If we run with this number it would, obviously, put him into the designated player category, unless he signs for less than that. However, being that he endeared himself to fans during this World Cup run, we can just assume that's not going to happen.

Now everyone that has speculated a possible landing place is looking for "the best team fit" for him. I'm going in a bit different direction. I looked at all 19 teams, their total roster churn, trades involving allocation and designated player slots. From there I made a graph, because I like visuals.

By adjusted for US soccer loans, it means I did not count a player lost if he was loaned to a lower division.

By adjusted for US soccer loans, it means I did not count a player lost if he was loaned to a lower division.

Ignoring teams with all three designated players slots, that would leave us with 13 teams that have a 'spot' for Jones. Of those 13, there are three clubs that have acquired more allocation than they've received. They are: Chicago Fire, Real Salt Lake and San Jose Earthquakes


Chicago Fire

They've been clearing tons of cap room all year and recently got an international team to take up a designated player. The Fire is club that has been a staple of MLS for years and has been on the downward swing now for a couple seasons. There is room to make this deal happen and considering their last-place position in the standings, they need to do something. The fact that Frank Yallop is head of the club and often plays with two central midfielders is a further plus. Don't overlook, Chi-town.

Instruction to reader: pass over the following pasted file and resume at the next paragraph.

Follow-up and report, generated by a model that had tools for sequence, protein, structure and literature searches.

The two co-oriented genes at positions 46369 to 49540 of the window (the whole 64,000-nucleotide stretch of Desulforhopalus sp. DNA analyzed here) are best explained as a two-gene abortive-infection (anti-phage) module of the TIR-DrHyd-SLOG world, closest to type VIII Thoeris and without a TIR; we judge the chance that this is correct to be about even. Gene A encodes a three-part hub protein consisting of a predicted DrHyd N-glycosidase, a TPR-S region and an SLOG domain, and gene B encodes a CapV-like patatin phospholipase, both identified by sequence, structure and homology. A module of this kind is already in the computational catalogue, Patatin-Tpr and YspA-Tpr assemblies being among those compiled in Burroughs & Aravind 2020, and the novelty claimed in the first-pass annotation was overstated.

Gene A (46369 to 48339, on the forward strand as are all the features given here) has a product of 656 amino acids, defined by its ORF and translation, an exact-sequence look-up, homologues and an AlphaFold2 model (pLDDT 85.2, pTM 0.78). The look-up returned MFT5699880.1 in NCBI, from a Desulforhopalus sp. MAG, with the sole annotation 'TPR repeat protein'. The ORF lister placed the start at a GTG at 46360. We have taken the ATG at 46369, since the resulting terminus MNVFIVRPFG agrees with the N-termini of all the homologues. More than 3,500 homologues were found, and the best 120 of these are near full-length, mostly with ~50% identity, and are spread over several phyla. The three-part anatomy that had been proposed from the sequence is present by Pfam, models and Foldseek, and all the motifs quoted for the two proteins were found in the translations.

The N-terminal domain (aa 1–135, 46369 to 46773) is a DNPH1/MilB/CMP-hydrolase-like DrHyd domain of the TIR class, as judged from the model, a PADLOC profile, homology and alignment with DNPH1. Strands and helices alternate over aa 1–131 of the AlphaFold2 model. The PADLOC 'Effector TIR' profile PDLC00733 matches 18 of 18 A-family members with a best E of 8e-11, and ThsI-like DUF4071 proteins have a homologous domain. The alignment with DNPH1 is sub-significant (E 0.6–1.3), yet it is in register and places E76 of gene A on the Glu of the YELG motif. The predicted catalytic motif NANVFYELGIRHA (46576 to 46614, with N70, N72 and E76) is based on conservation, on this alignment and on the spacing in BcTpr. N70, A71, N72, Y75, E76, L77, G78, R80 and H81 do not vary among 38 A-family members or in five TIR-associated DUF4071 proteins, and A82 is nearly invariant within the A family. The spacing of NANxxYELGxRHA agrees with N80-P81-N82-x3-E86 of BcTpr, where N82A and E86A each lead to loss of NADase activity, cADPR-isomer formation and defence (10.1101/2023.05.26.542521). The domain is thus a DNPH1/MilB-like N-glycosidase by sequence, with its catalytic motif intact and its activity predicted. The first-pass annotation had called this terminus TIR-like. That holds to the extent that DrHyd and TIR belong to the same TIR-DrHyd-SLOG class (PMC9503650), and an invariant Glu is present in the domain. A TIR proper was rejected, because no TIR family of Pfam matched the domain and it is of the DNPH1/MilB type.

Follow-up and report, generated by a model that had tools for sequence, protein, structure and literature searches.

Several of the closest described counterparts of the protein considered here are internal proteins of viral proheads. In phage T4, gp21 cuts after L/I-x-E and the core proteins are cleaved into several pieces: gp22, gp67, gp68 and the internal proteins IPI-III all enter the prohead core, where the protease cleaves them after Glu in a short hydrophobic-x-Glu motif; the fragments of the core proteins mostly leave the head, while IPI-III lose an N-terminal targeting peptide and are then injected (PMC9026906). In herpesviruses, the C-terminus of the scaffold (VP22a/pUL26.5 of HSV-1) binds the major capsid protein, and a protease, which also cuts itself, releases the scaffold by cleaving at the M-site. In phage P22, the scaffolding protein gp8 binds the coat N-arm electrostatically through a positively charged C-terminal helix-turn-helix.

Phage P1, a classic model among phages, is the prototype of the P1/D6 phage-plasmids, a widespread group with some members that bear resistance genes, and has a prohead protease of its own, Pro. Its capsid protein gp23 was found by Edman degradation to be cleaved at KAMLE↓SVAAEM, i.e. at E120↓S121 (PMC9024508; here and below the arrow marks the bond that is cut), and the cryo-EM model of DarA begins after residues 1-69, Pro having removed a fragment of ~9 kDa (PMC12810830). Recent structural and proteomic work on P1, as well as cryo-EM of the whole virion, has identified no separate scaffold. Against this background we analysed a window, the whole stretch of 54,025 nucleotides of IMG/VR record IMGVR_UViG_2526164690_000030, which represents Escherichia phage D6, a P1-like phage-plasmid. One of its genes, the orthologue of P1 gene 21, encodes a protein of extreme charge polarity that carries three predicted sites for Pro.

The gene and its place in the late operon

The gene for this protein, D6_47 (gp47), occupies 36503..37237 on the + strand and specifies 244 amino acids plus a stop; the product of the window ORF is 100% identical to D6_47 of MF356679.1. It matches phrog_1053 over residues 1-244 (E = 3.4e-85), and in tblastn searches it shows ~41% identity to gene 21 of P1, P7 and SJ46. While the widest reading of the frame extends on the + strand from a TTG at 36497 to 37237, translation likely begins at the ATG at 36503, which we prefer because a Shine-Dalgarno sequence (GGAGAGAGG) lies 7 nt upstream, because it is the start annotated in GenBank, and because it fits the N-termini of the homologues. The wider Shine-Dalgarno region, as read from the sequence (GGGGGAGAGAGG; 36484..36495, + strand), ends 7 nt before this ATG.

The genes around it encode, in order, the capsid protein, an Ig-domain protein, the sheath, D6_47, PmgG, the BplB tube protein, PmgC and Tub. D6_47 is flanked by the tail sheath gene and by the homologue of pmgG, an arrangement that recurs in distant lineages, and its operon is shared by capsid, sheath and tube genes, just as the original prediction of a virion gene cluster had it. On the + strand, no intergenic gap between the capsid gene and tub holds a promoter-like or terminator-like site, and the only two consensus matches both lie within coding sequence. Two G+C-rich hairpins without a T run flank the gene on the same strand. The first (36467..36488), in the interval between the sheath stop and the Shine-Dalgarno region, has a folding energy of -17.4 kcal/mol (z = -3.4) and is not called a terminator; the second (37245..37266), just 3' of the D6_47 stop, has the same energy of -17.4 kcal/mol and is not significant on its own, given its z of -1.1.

Real Salt Lake

Now, sure, everyone is going to rebuff this idea because they have Kyle Beckerman. But after this World Cup I'm not sure that's really a 'con'. However, their formation gives more credence that it's unlikely that it would happen. Even with Jeff Ceasar taking over the helm, post Jason Kreis, the club has stuck rather rigorously to the 4-1-2-1-2 formation, which is just a slight modification to the diamond the organization has stuck with for years. No, even with the probability of having the money to make this move, I don't see it happening.


San Jose Earthquakes